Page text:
Vintage Pinup Paper

Vintage pinup art works are generally considered as the masterpieces during the 1940s and the 1950s, which is regarded as the golden age of this genre which flourished in the girlie magazines of that pre-Playboy era. Being iconic of a certain period, these art works make for interesting collections and reference, especially for art students and hobbyists. Additionally, several of these art pieces showcasing the best ideals of the female form and beauty during those years are now considered public domain which may be freely reproduced since their copyrights have already expired.

Vintage ELVGREN SPORT MODEl Car Automobile
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VINTAGE GIL ELVGREN PIN UP Litho Print Caught in the Draft Louis F Dow
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Vintage Titter magazine cover pinup pin up girl February 1955 sexy girl lingerie
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Lot 7 Vintage Playing Cards Risque Pin Up Girls Woman Western Cowgirl cv8142
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Set 21 Vintage Antique Ink Blot Pen Cards Pinup Bombshell Artwork Earl Moran
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Vintage Harrison Fisher Print titled HIS GIFT 1909
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Vintage Swap Playing Card Pin Up Girl
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Nonetheless, many of these vintage pinup pieces remain copyrighted which need licensing rights in order to have them reproduced. Among these materials with live copyrights are the pinup works of Gil Elvgren, who exquisitely depicted girl-next-door types in distressful but humorous situations, such as their skirts billowed to reveal lovely long limbs clad in sexy nylons. Aside from these creations, Elvgren contributed to many vintage Coca-Cola advertisements, having been employed as an artist at Chicago’s most prestigious ad company at that time, Stevens and Gross. In this agency, Elvgren served as an understudy of another famous illustrator, Haddon Sundblom of the Coca-Cola Santa fame. It is from Sundblom where Elvgren derived his pinup’s lush brush strokes.

Elvgren's vintage pinup girls are characteristic for their glowing wonders. Instead of using photographs, he chose to have models and opt for those filled with personality and vitality, and all of them young girls yet uninitiated in modelling. To Elvgren, pinups ideally should have a 15-year old face with a 10-year old anatomy. In his illustrations, Elvgren avoided depicting femme fatale renditions but focused on uncovering the charms of a girl next door who found herself in embarrassing predicaments like leg-revealing up-skirts brought about by some conspiratorial elements such as wind, elevators, taps or dog leashes.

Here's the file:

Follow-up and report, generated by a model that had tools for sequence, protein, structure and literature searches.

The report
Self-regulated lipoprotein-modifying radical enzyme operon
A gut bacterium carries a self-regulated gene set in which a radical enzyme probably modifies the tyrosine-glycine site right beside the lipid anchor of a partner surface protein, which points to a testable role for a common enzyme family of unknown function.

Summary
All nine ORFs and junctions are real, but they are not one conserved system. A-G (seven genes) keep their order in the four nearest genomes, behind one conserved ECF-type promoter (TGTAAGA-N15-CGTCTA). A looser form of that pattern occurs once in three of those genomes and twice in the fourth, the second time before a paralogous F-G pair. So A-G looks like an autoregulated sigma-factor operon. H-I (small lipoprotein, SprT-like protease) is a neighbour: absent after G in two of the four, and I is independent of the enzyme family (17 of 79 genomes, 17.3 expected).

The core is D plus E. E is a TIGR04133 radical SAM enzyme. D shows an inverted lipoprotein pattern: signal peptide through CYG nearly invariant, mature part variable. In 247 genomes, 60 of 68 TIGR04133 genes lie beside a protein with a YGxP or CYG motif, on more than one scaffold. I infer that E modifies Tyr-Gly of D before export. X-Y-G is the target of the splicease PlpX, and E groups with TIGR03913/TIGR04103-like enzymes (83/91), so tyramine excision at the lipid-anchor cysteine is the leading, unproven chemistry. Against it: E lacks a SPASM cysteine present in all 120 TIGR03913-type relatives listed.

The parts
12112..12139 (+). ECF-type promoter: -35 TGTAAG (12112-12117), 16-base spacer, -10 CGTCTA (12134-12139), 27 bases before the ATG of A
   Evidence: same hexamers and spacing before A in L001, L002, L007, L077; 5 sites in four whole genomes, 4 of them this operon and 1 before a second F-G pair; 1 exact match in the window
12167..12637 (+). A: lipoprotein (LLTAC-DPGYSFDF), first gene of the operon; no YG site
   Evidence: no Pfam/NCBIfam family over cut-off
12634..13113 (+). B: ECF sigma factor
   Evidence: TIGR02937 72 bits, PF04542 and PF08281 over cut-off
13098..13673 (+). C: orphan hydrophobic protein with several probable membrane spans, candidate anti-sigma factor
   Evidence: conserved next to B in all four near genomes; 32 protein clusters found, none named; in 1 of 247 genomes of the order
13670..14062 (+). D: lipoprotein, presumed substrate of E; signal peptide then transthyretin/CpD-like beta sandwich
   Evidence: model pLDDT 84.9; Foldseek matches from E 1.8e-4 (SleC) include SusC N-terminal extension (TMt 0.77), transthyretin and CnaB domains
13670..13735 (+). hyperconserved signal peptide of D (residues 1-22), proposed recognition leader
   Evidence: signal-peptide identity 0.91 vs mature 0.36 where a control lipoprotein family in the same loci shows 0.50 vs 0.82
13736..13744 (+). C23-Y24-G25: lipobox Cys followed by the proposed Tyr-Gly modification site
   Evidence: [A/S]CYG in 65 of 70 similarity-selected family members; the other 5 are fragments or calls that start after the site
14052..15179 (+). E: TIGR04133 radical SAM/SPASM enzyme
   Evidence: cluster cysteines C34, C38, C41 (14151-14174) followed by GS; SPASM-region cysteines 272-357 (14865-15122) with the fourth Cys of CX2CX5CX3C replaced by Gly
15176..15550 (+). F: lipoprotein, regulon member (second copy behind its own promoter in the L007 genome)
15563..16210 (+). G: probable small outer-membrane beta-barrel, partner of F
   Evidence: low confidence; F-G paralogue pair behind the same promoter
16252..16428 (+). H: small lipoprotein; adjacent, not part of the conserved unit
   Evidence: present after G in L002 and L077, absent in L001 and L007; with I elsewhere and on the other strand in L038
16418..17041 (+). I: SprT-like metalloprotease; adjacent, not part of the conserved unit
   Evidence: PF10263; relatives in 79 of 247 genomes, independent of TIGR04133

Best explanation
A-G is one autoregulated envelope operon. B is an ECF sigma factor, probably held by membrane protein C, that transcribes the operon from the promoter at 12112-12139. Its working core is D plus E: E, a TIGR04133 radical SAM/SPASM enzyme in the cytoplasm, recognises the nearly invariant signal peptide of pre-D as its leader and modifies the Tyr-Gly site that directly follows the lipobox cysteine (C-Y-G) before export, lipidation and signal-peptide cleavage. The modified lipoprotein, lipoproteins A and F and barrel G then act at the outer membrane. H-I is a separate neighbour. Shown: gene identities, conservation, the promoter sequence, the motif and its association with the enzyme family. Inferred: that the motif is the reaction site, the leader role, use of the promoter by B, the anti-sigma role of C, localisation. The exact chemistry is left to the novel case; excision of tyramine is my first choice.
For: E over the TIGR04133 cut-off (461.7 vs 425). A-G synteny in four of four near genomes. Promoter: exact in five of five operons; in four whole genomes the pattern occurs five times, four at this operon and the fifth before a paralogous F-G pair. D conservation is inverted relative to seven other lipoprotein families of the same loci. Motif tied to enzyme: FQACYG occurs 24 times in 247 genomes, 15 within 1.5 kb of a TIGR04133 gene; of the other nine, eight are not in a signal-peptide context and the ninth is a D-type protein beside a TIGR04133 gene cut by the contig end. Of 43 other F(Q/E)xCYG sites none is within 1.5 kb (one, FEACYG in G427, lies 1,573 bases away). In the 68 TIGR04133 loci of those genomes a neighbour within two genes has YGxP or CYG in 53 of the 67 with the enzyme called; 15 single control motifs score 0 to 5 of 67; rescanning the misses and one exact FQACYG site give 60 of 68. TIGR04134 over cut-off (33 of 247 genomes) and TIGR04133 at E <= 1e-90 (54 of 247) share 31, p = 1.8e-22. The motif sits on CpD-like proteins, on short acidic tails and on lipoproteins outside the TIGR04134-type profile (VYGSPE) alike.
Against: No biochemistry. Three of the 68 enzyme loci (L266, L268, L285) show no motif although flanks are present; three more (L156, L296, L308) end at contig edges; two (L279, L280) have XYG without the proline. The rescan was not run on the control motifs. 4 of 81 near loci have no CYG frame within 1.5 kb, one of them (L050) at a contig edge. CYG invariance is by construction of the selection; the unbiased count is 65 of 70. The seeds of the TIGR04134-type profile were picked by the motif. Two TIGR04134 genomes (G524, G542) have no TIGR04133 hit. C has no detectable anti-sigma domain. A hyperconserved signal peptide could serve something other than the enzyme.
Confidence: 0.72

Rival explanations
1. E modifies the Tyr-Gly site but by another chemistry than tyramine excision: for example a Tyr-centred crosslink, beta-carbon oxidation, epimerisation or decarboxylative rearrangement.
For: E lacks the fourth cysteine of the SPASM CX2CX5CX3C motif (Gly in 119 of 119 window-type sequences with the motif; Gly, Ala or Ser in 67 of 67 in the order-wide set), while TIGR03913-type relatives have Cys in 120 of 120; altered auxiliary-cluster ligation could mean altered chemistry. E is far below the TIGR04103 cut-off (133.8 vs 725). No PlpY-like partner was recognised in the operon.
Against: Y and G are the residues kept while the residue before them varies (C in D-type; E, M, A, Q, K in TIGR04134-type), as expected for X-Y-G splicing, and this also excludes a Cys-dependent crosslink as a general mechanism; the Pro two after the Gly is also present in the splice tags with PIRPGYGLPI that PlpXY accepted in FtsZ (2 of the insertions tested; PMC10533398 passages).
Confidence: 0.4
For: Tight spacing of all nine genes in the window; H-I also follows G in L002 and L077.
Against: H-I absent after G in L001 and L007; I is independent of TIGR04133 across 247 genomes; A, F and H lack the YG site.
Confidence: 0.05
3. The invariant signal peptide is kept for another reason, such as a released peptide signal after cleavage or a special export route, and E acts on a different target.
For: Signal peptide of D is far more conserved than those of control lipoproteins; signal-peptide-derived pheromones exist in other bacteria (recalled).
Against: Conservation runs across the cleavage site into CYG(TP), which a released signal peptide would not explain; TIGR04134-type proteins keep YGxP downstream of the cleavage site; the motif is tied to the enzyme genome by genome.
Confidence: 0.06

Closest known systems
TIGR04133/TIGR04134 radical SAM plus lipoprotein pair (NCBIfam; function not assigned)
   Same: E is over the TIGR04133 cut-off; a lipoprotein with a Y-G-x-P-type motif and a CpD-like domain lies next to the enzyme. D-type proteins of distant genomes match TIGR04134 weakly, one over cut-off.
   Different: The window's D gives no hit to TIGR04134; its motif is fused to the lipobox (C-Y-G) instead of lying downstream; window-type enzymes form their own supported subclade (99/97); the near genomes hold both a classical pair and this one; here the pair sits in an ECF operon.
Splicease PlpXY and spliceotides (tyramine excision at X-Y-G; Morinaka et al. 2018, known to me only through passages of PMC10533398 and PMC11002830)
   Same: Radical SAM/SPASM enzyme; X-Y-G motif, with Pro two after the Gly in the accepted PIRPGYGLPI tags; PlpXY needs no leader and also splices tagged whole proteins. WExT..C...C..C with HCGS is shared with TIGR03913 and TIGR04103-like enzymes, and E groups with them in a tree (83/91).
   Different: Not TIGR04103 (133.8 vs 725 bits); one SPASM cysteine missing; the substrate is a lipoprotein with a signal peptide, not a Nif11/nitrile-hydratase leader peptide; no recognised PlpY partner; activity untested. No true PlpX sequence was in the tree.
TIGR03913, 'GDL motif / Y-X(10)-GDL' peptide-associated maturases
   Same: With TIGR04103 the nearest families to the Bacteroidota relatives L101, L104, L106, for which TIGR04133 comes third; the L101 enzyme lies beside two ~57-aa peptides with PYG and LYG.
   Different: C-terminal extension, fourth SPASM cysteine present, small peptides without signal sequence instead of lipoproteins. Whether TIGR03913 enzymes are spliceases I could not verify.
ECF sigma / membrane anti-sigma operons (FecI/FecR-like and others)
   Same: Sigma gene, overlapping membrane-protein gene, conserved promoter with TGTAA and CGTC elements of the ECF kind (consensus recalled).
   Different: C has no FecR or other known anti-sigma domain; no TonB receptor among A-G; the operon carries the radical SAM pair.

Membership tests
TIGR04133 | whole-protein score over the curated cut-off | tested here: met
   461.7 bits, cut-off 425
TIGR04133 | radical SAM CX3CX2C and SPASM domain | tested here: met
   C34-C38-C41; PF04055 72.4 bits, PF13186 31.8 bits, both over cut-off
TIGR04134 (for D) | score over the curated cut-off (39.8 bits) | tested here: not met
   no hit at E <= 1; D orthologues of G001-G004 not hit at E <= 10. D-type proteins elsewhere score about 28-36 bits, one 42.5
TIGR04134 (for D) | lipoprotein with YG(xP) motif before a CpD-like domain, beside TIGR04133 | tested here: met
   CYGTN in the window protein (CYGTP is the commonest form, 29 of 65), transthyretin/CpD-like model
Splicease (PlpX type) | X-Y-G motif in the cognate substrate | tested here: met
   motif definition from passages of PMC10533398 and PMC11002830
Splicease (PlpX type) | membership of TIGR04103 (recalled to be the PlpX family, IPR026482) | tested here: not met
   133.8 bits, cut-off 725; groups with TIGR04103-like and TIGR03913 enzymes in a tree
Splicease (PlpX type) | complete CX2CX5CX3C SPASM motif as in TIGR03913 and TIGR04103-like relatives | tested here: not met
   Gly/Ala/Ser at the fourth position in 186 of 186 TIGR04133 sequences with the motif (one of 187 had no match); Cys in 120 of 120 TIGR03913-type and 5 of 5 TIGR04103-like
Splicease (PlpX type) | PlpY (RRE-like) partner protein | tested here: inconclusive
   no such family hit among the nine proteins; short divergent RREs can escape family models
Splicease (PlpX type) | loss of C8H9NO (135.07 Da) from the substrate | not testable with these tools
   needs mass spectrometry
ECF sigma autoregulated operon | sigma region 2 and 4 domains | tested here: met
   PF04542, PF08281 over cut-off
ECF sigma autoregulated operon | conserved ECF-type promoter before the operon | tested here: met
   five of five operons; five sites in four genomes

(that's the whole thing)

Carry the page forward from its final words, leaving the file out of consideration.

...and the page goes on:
Rolf Armstrong is another vintage pinup artist of note who preferred working with models instead of photographs. Honed in painting Ziegfeld Follies girls, Armstrong’s works first appeared during the 1920s and 1930s as front covers of film and theater magazines. His brush strokes captured the glamour of many female movie celebrities of the era like Greta Garbo, Mary Pickford, Katherine Hepburn and Marlene Dietrich. With such a reputation, Armstrong was signed up by RCA in 1930 for pinups to promote the company’s products, and later by Thomas D. Murphy Company for ten paintings also for advertising purposes.

Armstrong vintage pinup pieces are mostly with the models depicted outdoors painted in the glow of a setting sun to emphasize his extraordinary choice of pastel colors. Oils, charcoal and pencil are also among the media Armstrong used to bring out the best in his models. Always preferring a live model for his works, he was also in constant search of the perfect model which Armstrong eventually found in Jewel Flowers. Through models like Jewel, Armstrong captured the vivacity of American femininity as he employed vivid colors through brilliant lighting, resulting in a classic amalgamation of medium and subject.

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